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The days of pulling up to a border guard who asks you a couple of questions and expects to see some form of identification as you re-enter the United States after a day in Baja are quickly changing, and panelists at the Center for Ethics in Science & Technology want to talk about it.

The center, a consortium of three major San Diego universities that grapples with controversial issues, is hosting a panel discussion Wednesday night on technology on the border.

Securing the international borders to the north and south ranks as one of the most contentious issues in politics, and living in San Diego, it hits close to home. One idea is to increase border security through the use of sophisticated new technology.

Bio-metrics, which is fingerprint and face recognition, radio frequency I.D. and surveillance cameras, are all in use in border regions and it’s making some American Civil Liberties Union lawyers uneasy. They will argue Wednesday that citizens ought to think long and hard about how much surveillance we’re comfortable with in exchange for increased security.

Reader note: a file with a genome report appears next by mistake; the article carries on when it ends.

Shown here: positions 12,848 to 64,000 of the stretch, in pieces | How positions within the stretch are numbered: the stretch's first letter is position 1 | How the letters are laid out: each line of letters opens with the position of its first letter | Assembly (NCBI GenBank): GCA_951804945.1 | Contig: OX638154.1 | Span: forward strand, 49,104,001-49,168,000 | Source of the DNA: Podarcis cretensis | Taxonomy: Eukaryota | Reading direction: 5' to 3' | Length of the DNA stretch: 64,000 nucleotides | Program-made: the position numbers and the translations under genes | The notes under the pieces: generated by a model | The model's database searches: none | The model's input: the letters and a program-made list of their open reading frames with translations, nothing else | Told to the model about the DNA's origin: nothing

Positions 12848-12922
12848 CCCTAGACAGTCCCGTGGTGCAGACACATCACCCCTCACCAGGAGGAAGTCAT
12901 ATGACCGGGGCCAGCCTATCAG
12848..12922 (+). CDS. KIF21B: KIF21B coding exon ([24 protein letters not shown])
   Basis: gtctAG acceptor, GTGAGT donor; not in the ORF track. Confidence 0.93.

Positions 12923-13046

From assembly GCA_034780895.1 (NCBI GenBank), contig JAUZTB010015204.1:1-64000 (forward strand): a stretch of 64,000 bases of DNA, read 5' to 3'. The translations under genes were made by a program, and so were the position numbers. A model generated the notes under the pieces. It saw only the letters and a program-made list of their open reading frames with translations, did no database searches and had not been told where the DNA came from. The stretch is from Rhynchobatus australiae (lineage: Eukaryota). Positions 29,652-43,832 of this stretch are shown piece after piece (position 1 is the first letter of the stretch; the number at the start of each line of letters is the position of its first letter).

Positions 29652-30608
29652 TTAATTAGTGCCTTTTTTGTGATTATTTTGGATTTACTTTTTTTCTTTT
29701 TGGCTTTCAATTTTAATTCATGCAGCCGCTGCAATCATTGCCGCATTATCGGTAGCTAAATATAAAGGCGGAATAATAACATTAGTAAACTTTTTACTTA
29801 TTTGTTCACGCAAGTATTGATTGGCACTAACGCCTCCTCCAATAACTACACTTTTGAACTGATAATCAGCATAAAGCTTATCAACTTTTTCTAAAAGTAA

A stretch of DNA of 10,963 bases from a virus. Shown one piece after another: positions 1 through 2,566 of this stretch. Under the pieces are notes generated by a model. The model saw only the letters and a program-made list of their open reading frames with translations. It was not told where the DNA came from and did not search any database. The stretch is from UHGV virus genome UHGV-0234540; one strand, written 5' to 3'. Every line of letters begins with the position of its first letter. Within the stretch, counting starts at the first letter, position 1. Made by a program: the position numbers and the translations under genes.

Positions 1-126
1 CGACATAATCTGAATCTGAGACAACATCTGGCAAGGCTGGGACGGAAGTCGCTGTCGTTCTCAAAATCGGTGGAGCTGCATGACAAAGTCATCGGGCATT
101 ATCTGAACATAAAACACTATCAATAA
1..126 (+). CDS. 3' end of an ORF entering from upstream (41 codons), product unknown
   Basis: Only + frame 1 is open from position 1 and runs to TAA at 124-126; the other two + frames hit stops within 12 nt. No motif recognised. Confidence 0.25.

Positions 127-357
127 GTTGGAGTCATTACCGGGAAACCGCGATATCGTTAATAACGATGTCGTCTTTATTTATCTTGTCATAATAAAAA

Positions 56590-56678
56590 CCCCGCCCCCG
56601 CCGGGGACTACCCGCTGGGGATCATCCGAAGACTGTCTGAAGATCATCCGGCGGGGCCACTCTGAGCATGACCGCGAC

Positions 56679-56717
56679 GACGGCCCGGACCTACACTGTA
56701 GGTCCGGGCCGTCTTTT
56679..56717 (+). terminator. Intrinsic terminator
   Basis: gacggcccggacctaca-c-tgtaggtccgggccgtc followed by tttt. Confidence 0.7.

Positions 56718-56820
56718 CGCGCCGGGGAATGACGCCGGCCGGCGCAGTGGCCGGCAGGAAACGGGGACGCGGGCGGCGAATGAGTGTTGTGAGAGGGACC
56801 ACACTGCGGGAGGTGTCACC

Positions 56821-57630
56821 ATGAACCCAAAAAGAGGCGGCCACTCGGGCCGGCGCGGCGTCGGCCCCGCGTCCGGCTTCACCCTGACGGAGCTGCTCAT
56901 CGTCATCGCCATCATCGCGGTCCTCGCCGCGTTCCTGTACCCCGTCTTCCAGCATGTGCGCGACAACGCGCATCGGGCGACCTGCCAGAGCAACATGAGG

The civil libertarian argument is essentially that using the surveillance and identity technology doesn’t make sense. It’s costly, threatens privacy, is alien to American values and hasn’t yet been proven to increase safety or stop terrorism.

The ACLU has argued that radio frequency I.D.’s are especially egregious because information that has traditionally been printed on I.D. cards is encoded on a tiny computer chip in the card, which could be used to track and monitor citizens. The chips are embedded within objects that can emit a radio signal, automatically transmitting personal information to a “reader” without the I.D.-holder’s knowledge. What’s more, the reader could be a government employee, law enforcement officer or any private individual equipped with the reading technology, putting people at risk of identity theft.

On the other hand, plenty of voters exerting pressure this election year argue that the government should pull out all the stops and do whatever it takes to keep Americans safe.

If you want to learn more about how the new-fangled technology works and hear competing ideas about whether you should be scared of it, the discussion begins at 5:30 p.m. at the Reuben H. Fleet Science Center in Balboa Park.


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